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QBluetoothZero - A Qt bluetooth library

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Created: favoritas37 (17 Apr 2010)
Last edited: kiran10182 (31 Oct 2013)

QBluetoothZero is a 3rd party bluetooth library written on Qt supported on Symbian and Windows. Its architecture is based on S60 Platform: Bluetooth API Developer's Guide.

Warning.pngWarning: The project has been renamed from QBluetooth to QBluetoothZero to avoid conflicts with Bluetooth module of Qt Mobility. Users that have already used this library are advised to have a look at the following wiki page which states the changes that need to be made to comply with the new version of the library: QBluetoothZero)

The idea is to create a library implementation using Qt (a DLL) of the S60 bluetooth API easy to use by anyone with basic knowledge of Qt.

So the architecture was extracted from S60 bluetooth API, and also source code was used from the following examples:

and the basic guide for combining all these was Using Qt and Symbian C++ Together

NOTE: for more detailed description of the the library's components please advise the documentation. Documentation can be found in this site QBluetoothZero Documentation. To download source code visit project page.

An application using QBluetoothZero can be found here QuteMessenger - A Qt application using QBluetoothZero

Some code examples from the Nokia Wiki:


Basic Information Container Classes

  • QBtAddress : that represents the device's bluetooth address
  • QBtService : all the necessary information about a bluetooth service
  • QBtDevice : all the information needed about any remote bluetooth device
  • QBtLocalDevice : implemented only with static functions through which user can access information of the local device

Operational Classes

  • QBtSingleDeviceSelectorUI: a simple widget to select a bluetooth device. Device discovery is initiated when widget is shown. Created for convenience if a user simply wants to select a discovered device to proceed to other operations
  • QBtServiceDiscoverer: provides the mechanism to inquire a given device for the bluetooth services it supports
  • QBtSerialPortClient : Serial Port (SP) client, connect to SP server to send/receive raw data through serial port
  • QBtSerialPortServer : Serial Port server, ready to accept client connections to also send/receive raw data

Building the library

  1. . You will need a standalone SDK, like the S60 5th Edition or 3rd Edition FP2, for example. Download them from Nokia Developer.
  2. . The library requires the BluetoothEngineAPI. This API is available as a SDK plugin. Please see SDK API Plug-in to see how to get it.
  3. . Download and install Qt.

Use file to open the project. Next step is create the DLL.

If compiled for Symbian and Carbide is used as IDE then we Freeze Exports (Project->Freeze Exports) and it is ready. If compiled for Windows (in case of Visual Studio 2008 as IDE) just compile and the .dll and .lib files will be generated.

It's also possible to build the library with Nokia Qt SDK 1.0. However, the Symbian SDK that comes with Nokia Qt SDK 1.0 does not have all the libraries required to build the library (eg. BluetoothEngineAPI). The options are 1) copy the missing files from the 5th Edition SDK, or 2) choose the standalone SDKs as the Qt Version when configuring a project (Symbian device target).

Possible build errors

This section provides answers to some questions that might arise when building the library.

Qt Creator doesn't find the Symbian SDK header files

Add this to the QBluetoothZero .pro file, just before the HEADERS declaration at the beginning of the file.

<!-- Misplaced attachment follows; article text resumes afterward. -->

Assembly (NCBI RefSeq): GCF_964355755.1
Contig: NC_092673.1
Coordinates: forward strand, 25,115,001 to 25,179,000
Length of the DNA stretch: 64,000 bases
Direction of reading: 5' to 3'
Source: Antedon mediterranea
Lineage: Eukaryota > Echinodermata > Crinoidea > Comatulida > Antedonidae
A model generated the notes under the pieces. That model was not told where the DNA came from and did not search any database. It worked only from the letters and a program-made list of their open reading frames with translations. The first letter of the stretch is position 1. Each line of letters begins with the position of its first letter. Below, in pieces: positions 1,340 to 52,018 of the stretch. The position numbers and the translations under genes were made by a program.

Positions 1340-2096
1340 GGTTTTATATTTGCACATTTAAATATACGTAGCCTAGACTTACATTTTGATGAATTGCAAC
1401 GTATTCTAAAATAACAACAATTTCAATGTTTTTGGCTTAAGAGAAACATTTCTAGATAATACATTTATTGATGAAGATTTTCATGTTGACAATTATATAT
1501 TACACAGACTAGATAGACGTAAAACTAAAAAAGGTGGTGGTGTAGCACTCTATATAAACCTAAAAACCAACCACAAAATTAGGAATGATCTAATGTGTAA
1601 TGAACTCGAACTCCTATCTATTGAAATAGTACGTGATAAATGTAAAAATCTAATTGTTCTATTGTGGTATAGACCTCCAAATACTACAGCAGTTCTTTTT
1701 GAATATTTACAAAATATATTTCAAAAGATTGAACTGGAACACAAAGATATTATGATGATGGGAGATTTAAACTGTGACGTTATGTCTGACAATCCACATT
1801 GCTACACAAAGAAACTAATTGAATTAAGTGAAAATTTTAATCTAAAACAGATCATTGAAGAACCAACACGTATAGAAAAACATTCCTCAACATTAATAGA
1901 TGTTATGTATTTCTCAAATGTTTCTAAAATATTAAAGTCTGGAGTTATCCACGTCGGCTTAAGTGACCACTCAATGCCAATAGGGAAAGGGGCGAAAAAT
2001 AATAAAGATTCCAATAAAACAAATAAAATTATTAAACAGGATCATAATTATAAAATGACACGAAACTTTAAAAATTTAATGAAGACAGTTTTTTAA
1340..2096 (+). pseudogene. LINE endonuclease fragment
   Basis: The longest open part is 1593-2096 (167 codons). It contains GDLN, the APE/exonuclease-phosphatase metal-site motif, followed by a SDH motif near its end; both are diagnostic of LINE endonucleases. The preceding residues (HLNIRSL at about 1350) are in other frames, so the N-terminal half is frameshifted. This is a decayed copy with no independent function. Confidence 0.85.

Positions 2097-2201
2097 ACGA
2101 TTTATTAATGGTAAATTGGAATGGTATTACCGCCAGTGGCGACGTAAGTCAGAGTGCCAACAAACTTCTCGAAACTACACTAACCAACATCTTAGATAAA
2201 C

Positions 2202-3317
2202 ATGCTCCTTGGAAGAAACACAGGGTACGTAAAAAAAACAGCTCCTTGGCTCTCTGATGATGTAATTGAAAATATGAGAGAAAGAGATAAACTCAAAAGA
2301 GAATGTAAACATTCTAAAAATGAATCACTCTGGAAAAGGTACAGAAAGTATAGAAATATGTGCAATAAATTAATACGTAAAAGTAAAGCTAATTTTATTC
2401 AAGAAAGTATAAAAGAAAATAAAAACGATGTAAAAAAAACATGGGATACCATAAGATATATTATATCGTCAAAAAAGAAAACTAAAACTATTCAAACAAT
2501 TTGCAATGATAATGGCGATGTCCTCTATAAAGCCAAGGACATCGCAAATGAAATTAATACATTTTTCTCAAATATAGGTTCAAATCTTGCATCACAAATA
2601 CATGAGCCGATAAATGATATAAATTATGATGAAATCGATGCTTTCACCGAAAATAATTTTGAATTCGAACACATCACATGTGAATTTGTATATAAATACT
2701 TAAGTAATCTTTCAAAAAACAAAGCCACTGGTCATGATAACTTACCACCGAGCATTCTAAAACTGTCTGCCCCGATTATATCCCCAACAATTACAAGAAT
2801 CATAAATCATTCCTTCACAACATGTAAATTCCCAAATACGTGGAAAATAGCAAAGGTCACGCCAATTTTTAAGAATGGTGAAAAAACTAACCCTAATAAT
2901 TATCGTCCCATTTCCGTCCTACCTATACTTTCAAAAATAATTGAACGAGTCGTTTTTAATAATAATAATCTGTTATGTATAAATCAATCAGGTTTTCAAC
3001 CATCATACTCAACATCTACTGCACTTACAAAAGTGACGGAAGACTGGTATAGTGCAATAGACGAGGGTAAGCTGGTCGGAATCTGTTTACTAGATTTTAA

# fix for Qt Creator to find the symbian headers
INCLUDEPATH += $$EPOCROOT\epoc32\include

Compiler error in <obexbase.h>, line 205: extra qualification 'CObex::' on member "!CancelObexConnection".

Edit the obexbase.h file and remove the CObex:: qualifier.

Qt Creator complains about missing libraries

The solution found so far for S60 5th Edition SDK and Nokia Qt SDK 1.0 is to install the BluetoothEngineAPI files from the S60 3rd Edition FP2 plugin pack. For the S60 3rd Edition FP1 SDK, please search for the plugin pack specific for this SDK.

If Qt Creator complains about {{{-lbtextnotifiers}}} or {{{-lirobex}}}, when using as target Qt devices (Nokia Qt SDK 1.0): The solution so far is to either use another SDK (as the 5th Edition SDK), or to copy the missing files from the 5th Edition SDK). The files are:


These files are located in \epoc32\release\armv5\lib of the SDK installation directory.

Qt Creator doesn't generate the .sis file for the library

No known solution so far. Even if having configured the build target to sign the file with a developer certificate, Qt Creator (Nokia Qt SDK 1.0) does not generate the sis file. It seems to be a bug in Qt Creator.

To make Qt Creator generate the .pkg file, add this to the file at the end of the file:

addFiles.sources = QBluetoothZero.dll
addFiles.path = !:\sys\bin
DEPLOYMENT += addFiles

Compiler errors when modifying the public API (any public method of QBluetoothZero classes), with Qt Creator

When modifying the public API in Symbian DLLs, it's necessary to freeze the API. Currently, Qt Creator does not do this, and there's no way to instruct it to make this step. This is a known Qt Creator bug (

To freeze the API it's necessary to run it from the command line. Create a .bat file and place it in the same directory where the QBluetoothZero .pro file resides. Write the text below:

set EPOCROOT=\Dev\Symbian\S60_3rd_FP1\
del eabi\*.def
abld freeze gcce

Set the EPOCROOT variable to the root of the Symbian SDK that is being used by the project (without the drive letter as in the example). For Nokia Qt SDK 1.0, this is sdk instalation folder"\Symbian\SDK. Then, proceed as this:

  1. . Clean the project with Qt Creator
  2. . Build the project with Qt Creator
  3. . Run the .bat file
  4. . Build the project again with Qt Creator

Including the library

Use the output of the previous build

The following lines must be inserted in the .pro file of the project that is going to use the QBluetoothZero library.

If compiling for Symbian, add in symbian scope:

LIBS += -lQBluetoothZero
symbian {
INCLUDEPATH += /epoc32/include/QBluetoothZero
NetworkServices \
ReadUserData \
UserEnvironment \
addFiles.sources = QBluetoothZero.dll
addFiles.path = !:\sys\bin
DEPLOYMENT += addFiles

If compiling for Windows, add in win32 scope (supposing that the folder QBluetoothZero containing all the headers is in the same directory as the project that is going to use it):

    LIBS += -lQBluetoothZero \
INCLUDEPATH = QBluetoothZero
HEADERS += QBluetoothZero.h